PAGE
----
Park at the large lot near Sunset Point. Hike down the switchbacks to get to Wall Street. As you near the bottom, the sky is blocked out except for a narrow strip of blue straight above you.
The trail winds along the bottom of the rim providing fantastic vistas at every turn. Take the side trail towards The Queen’s Garden. At a certain point, look up at one of the hoodoos that looks just like Queen Victoria out for a stroll.
After about two miles of nice flat hiking, it’s time to climb back out. Go slow and take breaks along the way. Take the rim trail from Sunrise Point back to your car at Sunset.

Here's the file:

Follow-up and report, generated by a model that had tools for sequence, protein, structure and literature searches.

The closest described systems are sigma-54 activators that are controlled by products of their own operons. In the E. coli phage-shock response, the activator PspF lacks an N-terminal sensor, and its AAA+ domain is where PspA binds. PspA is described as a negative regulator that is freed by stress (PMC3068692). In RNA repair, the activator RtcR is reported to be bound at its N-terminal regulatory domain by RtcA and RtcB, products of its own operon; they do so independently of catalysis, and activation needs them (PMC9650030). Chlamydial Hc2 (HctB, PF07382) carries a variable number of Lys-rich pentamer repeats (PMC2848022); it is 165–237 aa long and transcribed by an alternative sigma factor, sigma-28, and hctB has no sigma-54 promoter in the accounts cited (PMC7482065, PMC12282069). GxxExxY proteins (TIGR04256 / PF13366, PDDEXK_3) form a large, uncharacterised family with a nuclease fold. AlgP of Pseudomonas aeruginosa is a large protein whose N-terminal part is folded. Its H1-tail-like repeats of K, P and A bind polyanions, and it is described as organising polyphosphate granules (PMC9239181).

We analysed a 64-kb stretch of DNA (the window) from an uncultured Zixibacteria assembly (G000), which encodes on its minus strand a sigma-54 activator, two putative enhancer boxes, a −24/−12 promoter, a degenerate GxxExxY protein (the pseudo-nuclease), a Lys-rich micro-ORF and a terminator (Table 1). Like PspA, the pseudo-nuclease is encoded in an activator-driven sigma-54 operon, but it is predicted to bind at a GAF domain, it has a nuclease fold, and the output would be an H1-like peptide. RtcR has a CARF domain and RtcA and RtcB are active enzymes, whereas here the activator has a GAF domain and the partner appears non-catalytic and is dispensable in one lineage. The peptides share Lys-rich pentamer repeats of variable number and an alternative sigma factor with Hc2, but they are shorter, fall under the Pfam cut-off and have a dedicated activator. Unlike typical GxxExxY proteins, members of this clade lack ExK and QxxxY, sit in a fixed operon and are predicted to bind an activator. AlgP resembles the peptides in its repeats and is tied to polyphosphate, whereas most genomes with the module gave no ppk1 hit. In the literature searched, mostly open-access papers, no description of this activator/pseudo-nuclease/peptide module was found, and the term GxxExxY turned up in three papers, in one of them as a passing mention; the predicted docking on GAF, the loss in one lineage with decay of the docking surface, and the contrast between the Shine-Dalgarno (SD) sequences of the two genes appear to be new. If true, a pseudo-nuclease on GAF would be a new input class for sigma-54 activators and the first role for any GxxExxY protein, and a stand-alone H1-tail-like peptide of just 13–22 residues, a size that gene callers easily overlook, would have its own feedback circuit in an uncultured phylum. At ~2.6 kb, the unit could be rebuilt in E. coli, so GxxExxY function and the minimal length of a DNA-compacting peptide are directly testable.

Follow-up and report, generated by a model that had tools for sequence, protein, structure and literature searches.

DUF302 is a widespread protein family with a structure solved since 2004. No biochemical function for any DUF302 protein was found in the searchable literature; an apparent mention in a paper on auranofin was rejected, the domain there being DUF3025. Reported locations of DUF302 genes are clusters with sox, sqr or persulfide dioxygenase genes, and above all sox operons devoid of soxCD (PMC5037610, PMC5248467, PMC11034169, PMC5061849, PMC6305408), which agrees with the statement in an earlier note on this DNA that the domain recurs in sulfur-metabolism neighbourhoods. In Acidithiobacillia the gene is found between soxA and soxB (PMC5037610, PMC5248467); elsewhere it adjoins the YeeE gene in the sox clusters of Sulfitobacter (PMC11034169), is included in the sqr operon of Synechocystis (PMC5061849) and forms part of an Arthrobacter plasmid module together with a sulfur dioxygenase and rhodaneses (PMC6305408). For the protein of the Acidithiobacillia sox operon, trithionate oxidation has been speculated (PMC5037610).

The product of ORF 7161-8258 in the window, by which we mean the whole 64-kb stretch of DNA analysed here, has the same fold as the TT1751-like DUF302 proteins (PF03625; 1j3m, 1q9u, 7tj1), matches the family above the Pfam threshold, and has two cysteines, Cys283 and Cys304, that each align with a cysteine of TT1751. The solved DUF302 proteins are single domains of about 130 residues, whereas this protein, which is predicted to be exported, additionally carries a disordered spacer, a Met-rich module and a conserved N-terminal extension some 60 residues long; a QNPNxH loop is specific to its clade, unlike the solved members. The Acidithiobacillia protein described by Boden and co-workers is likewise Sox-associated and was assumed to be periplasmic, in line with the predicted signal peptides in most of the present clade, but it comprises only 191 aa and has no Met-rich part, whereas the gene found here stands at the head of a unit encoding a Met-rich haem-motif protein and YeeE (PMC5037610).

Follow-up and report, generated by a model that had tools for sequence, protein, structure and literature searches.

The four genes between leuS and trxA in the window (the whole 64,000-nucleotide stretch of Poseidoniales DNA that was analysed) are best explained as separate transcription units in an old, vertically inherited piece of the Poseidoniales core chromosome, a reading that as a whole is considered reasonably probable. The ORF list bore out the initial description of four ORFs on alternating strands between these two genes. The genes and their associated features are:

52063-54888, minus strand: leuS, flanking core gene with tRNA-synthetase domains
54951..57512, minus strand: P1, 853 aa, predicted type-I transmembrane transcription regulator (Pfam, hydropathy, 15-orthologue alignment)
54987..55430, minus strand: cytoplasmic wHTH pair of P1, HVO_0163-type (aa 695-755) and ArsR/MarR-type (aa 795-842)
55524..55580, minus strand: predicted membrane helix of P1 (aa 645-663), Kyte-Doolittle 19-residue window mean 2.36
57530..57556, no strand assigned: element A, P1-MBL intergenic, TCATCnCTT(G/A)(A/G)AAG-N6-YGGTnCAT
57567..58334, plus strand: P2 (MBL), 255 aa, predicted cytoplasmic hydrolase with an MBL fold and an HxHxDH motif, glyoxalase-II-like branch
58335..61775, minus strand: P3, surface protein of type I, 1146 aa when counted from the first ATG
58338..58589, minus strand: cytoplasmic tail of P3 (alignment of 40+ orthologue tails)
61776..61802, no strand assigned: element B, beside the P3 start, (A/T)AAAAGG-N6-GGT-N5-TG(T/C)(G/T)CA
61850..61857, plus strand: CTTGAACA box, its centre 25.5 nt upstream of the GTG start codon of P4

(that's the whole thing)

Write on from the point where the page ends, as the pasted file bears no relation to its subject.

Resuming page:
Along with the Mist Trail in Yosemite and Prismatic Pool in Yellowstone, this is one of the best hikes of all time.
Daytripping with Rick
About Rick Wright
Meet the Rick behind “Day-tripping with Rick”. He’s a nuclear engineer who designs power plants which gives him the opportunity to travel all over the world. Rick has collected some of his favorite trips into informative and interesting posts that go beyond the guidebook recommendations. His wife Denise has a successful food blog where Rick occasionally guest-posts, using his many years of travel adventures for inspiration. A life-long Pittsburgher, Rick spends much of his time supporting the Steelers, Penguins and Pirates, and having fun with Denise and his son, Max. Rick also has two older children, Laura and Ricky, and two grandchildren (with one on the way). When not posting or making electricity, Rick likes ice hockey which he has played for over 40 years. Although he’s too old, he keeps going out there.